Palestine Vs. Solidarity Movement


by Gilad Atzmon

The press release ahead of the “Tahrir Square to Jerusalem” event in Logan Hall London promised to be an “imaginative production that will transport us from Tahrir Square through Jenin and to the heart of the new Jasmine Revolution sweeping the Arab world”.

Razanne Carmey the artistic director and Mohamed Masharqa the producer certainly kept their promise. It  was indeed  an incredible evening, and probably the biggest Palestinian cultural event since the 2005 Deir Yassin Annual commemoration event. Once again we saw a room entirely full with an enthusiastic, dynamic crowd, supporting a stage that was exploding with Palestinian talent.

The night was a commemoration for the great Juliano Mer Khamis, and a celebration of the power of cultural resistance.  In the spirit of the ongoing regional Intifada in the Middle East, we saw hundreds of highly motivated Palestinians and other members of the Arab community rising together, believing in themselves and their cause.

The talent on stage was incredible: we enjoyed moving performances from Aymen Safieh, an incredible Palestinian modern ballet dancer, Al Zaytouna, enthusiastic Debka group, fabulous Nizar Al Issa and the outstanding Amal Murkus and her world class band, all of whom lit up the evening.

But, there were also a few issues of concern that should be raised: the truth of the matter is that, prior to the evening’s entertainment, I had been quite worried about the potential success of the show, because, generally speaking, tickets sales are very slow in Britain at the moment.  But, I also knew that the  PSC and CAABU (both production partners) hadn’t  managed to sell many tickets in the run up to the show.

Eventually though, it was clear to me that there had been no real reason to worry: the Arab community got it right, and Logan Hall turned out to be very busy on the night.

And yet, I still want to express some concern: even though the event was strongly supported by the diverse Arab communities, how is it that out of more than 3000 PSC members, not that many UK people came out to support the event and to support these expressions of Palestinian culture? This is a serious question and it better be addressed by people who claim to support Palestine and Palestinians.

In Logan Hall, I met an old friend of mine, a much respected PSC activist and a very insightful woman. We both knew the truth: the Arab community had supported the event — but the English and the Jewish activists were just not there. I asked my friend, how is it that all those Jewish fiery enthusiast activists who join every BDS call to boo Israeli artists off stage — had failed to support the crème of Palestinian culture and artists? I do understand the reasoning behind Israeli boycott activity, and yet, isn’t it equally important to support Palestinian artists?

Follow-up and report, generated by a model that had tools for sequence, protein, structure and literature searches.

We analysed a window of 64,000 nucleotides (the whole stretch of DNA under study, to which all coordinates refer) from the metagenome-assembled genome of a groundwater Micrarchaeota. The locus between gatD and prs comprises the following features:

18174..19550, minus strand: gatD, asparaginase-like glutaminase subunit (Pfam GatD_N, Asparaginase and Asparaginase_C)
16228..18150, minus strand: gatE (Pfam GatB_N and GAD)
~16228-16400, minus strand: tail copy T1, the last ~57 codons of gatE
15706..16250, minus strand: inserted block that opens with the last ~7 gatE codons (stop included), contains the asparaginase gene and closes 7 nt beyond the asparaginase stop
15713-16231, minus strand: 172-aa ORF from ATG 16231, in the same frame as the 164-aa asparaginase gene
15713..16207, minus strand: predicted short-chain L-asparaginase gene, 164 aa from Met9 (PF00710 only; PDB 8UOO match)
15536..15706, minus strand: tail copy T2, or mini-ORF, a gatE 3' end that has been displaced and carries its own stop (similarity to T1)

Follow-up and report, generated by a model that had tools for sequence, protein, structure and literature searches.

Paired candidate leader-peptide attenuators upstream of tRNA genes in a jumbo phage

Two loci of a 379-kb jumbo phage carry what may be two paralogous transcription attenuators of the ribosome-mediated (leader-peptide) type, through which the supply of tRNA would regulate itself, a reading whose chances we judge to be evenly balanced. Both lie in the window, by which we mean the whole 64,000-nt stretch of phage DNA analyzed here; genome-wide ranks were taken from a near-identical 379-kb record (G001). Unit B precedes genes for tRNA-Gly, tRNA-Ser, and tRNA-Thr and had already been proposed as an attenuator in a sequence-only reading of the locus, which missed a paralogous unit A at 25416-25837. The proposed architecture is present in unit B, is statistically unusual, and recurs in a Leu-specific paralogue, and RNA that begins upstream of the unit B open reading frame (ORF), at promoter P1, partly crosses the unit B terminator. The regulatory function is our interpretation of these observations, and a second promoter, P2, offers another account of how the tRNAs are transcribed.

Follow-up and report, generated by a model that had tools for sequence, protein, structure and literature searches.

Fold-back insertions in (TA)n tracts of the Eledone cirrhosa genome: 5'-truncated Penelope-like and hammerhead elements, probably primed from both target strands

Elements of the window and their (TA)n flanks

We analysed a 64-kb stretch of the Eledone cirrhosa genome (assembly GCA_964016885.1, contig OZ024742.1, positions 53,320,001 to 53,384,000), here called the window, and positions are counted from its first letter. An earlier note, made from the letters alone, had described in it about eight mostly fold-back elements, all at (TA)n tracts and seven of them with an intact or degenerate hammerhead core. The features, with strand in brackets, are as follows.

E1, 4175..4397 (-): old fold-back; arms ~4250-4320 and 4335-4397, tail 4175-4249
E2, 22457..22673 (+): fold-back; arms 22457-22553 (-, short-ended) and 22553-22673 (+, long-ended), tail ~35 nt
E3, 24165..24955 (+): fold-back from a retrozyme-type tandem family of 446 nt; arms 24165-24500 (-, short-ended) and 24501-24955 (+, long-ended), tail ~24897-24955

My friend’s answer was simple: “They may call themselves Palestinian Solidarity campaigners — but in reality, they are largely interested in Jewish anti Israeli solidarity,” she said.


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Gilad Atzmon is an Israeli-born British jazz saxophonist, novelist, political activist and writer. Atzmon's album Exile was BBC jazz album of the year in 2003. Playing over 100 dates a year,[4] he has been called "surely the hardest-gigging man in British jazz." His albums, of which he has recorded nine to date, often explore the music of the Middle East and political themes. He has described himself as a "devoted political artist." He supports the Palestinian right of return and the one-state solution in the Israeli-Palestinian conflict. His criticisms of Zionism, Jewish identity, and Judaism, as well as his controversial views on The Holocaust and Jewish history have led to allegations of antisemitism from both Zionists and anti-Zionists. A profile in The Guardian in 2009 which described Atzmon as "one of London's finest saxophonists" stated: "It is Atzmon's blunt anti-Zionism rather than his music that has given him an international profile, particularly in the Arab world, where his essays are widely read." His new book The Wandering Who? is now availble at